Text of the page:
The market posted better numbers than expected in September, perhaps the start of a strong finish for 2014. Overall, we continued the slow transition to a “no drama” market. The window for first-time buyers to join the ranks of homeowners, and thereby change the trajectory of their life, remains wide open. More on the benefits of home ownership after a quick look at the data.
The volume of real estate sold across all Front Range markets in September of 2014 was 8.9% higher than September of 2013. The inventory of homes for sale increased to 2.3 months, continuing the glacial return to a more balanced inventory level of 5 to 7 months.
In Boulder County, sales volume increased 11.9% on a year-over-year basis in September. The supply of available homes in Boulder County increased to 3.2 months.
The trend of increasing inventory is giving buyers a few more choices and just a bit more leverage to negotiate price this autumn. Many first-time buyers are seizing the opportunity and becoming homeowners. That said, an even greater number appear to be sitting on the sidelines, scared away by tales of not being able to secure a mortgage, or still jaded by the housing downturn and waiting for another price correction. And waiting could prove to be a mistake for the Millennials, the generation aged 18 to 33. Why a mistake? Because those who choose the path of homeownership are putting themselves on a fundamentally different trajectory in life than those who choose to remain renters.
A survey of Consumer Finances conducted by the Federal Reserve every three years was updated in September. Some of the findings revealed in the report:
- The average homeowner has a net worth of $194,500
- The average net worth of a renter is $5,400
- A homeowner’s net worth is over 36 times greater than that of a renter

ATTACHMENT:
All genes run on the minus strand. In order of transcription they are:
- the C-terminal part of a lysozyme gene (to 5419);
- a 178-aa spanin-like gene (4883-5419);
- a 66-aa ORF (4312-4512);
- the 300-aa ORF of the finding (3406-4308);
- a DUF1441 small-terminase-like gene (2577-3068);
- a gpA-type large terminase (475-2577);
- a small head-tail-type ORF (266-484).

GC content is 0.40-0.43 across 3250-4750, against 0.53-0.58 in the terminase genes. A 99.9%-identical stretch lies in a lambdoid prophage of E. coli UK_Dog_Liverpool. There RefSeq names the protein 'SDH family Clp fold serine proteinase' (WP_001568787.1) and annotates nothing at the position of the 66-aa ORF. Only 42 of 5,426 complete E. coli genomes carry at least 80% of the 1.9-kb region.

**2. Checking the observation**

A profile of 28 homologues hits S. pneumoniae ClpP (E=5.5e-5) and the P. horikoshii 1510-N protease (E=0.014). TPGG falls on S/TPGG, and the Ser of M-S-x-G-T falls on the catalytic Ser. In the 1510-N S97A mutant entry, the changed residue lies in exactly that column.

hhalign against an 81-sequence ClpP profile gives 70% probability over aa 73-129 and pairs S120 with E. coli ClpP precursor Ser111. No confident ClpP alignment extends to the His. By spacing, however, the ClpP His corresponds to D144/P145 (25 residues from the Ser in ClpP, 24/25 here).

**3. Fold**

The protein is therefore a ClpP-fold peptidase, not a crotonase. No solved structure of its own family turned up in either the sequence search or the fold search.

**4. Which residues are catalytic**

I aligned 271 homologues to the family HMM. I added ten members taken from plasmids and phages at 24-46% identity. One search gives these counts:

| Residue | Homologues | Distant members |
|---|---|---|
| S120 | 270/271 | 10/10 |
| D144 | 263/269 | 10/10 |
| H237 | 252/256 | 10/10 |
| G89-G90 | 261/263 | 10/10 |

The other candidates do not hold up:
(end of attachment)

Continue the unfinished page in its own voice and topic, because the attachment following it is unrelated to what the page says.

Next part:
It’s important to note that the survey results include any drop in net worth due the housing correction of 2006. However, those who are skeptical might argue that the logic of this survey is somewhat circular, in that those who can afford to purchase a home are not surprisingly going to have a higher net worth.
The counter to this argument is that the average American family, including both homeowners and renters, has a net worth of $81,200, and of that net worth, 61.4%, is in home equity. Conclusion: those who can scrape together a down payment (through savings, an assistance program, help from family, or all of the above) and make a purchase will start building their net worth, and those who remain renters will be shut out of that “61.4%” in upside potential.
This may not be the perfect time for Millennials, or anyone else for that matter, to buy, but it’s also clearly not a bad time to buy. Timing the market is difficult, if not impossible. The great news is that in real estate, markets move slow and as a result, you don’t need to have perfect timing. You just need to get in the game. When we look back a decade or two from now, we’ll probably find that the first-time buyers who got in the game during the housing recovery and low interest rates of this period set themselves up pretty well. The American dream of homeownership is alive and well, and still provides a path to prosperity.